* Sought support. Through meetings and other communications, we sought and received our medical staff's help in cutting back the outpatient lab and creating a courier system to shuttle specimens to the main laboratory. Physician involvement was vital in developing a limited menu of tests to be performed at the outpatient facility for urgent care patients. Our success in obtaining the doctors' support regarding the outpatient lab convinced us to seek their help in containing other costs as well:

[paragraph] Appropriate blood usage. We improved the utilization of phlebotomy services. Another appropriateness issue was identified during a recent JCAHO inspection. Intervention by the medical director of our blood bank was largely responsible for convincing the surgical staff to reduce the storage of blood in satellite locations.

[paragraph] Specialized testing. The medical staff assisted us in limiting specialized testing in immunology, anatomic pathology, fasting blood sugars, second- and third-shift lab requests, and renal studies.

* Retained staff. We wanted to retain current employees despite staffing reductions. One tactic was to offer tuition reimbursement for students at our school of medical technology on the condition that they work at our facility for a year after graduation. Other efforts to retain staff include regular staff meetings, open office hours by both the administrative director and the vice president of medical support services, and providing videotape inservices on safety instruction.

These retention efforts worked well. Our vacancy rate, greater than 10% in July 1989, dropped to 2.2% by the end of fiscal '91.

* Negotiated contracts. Our laboratory managers have historically played an important role in negotiating contracts and lease agreements for new equipment and re-agents. That role grew even more in 1990 and 1991 with the support of our purchasing department.

[paragraph] Hematology. The managers of the hematology section negotiated a five-year lease for a system that runs automated blood counts. Acquiring this instrument permitted us to eliminate one FTE and lowered the vendor's prices for other supplies throughout the laboratory. A value-added service - a fax machine - was included at no cost.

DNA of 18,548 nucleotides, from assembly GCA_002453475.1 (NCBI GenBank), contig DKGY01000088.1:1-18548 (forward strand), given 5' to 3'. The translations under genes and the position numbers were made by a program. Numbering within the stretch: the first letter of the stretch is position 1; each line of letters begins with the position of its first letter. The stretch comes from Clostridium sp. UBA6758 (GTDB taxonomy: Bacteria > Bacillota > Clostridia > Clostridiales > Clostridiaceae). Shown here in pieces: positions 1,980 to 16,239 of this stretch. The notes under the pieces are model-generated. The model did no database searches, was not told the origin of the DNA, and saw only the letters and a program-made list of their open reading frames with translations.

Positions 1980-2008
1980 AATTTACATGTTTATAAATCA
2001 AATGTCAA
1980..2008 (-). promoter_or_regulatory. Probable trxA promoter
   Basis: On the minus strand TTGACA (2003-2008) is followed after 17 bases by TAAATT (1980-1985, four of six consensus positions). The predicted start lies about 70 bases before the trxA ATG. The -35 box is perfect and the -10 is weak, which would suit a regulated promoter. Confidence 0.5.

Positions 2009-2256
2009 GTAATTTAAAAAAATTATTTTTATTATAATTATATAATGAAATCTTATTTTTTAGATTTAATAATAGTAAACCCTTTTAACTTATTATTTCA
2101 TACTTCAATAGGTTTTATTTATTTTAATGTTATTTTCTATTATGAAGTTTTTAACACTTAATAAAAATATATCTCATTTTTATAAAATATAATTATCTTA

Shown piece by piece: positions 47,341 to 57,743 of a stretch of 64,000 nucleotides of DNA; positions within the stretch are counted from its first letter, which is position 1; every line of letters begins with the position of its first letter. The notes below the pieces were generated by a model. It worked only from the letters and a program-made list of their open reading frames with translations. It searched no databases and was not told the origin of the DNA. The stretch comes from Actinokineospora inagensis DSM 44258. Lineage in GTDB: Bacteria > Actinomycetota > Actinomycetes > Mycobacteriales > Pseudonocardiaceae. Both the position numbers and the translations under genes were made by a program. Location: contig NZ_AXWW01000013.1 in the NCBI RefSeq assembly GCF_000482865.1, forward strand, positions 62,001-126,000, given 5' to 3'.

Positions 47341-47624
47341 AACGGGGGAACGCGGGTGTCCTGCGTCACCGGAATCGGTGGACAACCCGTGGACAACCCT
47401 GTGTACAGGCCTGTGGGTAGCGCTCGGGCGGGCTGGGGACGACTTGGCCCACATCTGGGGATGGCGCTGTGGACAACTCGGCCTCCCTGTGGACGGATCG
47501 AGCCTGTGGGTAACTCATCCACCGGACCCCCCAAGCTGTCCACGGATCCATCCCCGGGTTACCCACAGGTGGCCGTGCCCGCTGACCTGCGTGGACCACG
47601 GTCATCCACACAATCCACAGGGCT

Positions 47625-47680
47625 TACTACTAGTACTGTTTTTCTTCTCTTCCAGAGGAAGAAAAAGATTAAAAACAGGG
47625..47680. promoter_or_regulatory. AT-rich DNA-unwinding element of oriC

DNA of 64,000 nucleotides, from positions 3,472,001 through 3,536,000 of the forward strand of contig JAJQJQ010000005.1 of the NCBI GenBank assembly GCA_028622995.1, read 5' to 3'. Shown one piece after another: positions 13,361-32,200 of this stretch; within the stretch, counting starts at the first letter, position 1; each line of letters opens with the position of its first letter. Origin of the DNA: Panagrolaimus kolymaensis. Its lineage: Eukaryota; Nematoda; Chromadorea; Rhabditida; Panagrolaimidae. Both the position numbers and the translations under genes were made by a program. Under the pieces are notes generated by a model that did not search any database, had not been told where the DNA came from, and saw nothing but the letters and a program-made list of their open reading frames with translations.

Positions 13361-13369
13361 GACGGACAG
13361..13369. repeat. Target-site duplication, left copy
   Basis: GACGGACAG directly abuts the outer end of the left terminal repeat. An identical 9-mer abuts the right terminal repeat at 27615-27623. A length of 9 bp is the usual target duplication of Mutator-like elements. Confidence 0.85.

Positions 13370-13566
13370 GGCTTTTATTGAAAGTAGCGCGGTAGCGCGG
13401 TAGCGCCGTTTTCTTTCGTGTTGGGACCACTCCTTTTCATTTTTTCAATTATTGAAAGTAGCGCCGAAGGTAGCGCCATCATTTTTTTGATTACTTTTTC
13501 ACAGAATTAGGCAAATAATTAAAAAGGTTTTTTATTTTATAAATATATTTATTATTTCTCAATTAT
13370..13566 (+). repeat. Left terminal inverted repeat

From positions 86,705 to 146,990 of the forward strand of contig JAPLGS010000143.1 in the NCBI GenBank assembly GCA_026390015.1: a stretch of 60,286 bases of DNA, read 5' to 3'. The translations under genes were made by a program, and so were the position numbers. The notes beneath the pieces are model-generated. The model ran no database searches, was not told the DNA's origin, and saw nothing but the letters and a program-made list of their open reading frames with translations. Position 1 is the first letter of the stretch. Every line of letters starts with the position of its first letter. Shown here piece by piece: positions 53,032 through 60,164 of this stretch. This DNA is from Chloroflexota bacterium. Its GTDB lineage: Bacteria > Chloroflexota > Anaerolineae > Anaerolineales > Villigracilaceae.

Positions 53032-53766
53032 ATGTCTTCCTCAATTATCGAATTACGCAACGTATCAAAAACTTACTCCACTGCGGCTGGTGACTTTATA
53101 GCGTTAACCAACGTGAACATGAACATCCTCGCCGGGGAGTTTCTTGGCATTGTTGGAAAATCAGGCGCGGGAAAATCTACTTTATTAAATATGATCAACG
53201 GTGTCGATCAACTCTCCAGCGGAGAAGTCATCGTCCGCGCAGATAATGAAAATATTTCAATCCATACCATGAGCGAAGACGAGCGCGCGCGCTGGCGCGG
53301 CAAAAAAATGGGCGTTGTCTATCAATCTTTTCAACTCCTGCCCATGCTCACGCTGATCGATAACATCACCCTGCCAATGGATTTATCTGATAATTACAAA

Hematology management negotiated the purchase of an automated on-line urinalysis system. Installed in the autumn of 1991, it eliminated manual entry of 600,000 urinalysis results a year. Hematology evaluated and bought a new coagulation system that reduced costs and increased productivity.

[paragraph] Histology. Managers of the histology section, about to buy a decalcifying solution, reviewed the cost of reagents and changed vendors. The switch saved about $600 a year. In negotiating for a new anatomic pathology embedding center, they obtained, at no cost, a knife holder valued at $675 that would otherwise have been requested in our 1992 capital budget.

[paragraph] Clinical chemistry. Managers negotiated the rental of a markedly upgraded therapeutic drug analyzer at no additional cost to the medical center.

[paragraph] Microbiology. Management negotiated a new contract for gene probe reagents, saving about $6,000 a year. As an incentive for renewing a two-year contract for culture media, the vendor provided disposables at no additional cost (annual saving: $4,080). Microbiology is testing a TORCH panel to determine whether these tests - Toxoplasma, other, rubella, cytomegalovirus, and herpes - should be brought in-house.

* Changed procedures. During fiscal '91 we accelerated the evaluation of test methods, hoping to reduce the number of assays sent to referral laboratories. New procedures saved a great deal of money:

[paragraph] Clinical chemistry. The conversion to a new monoclonal cyclosporine method increased in-house expenses by $6,700 and reduced referral lab fees by $30,700, for a net annual saving of $24,000. Discontinuing an old practice of sending immunochemical results on prenatal patients to a referral lab for confirmation saved $3,500 a year.

[paragraph] Histology. Our old practice was to send rhodanine copper stain to a referral lab for $42 per test. Our histology managers developed an in-house procedure and added it to our menu of special stains. A mundane change - revision of the schedule for changing processor reagents - saved more than $3,400.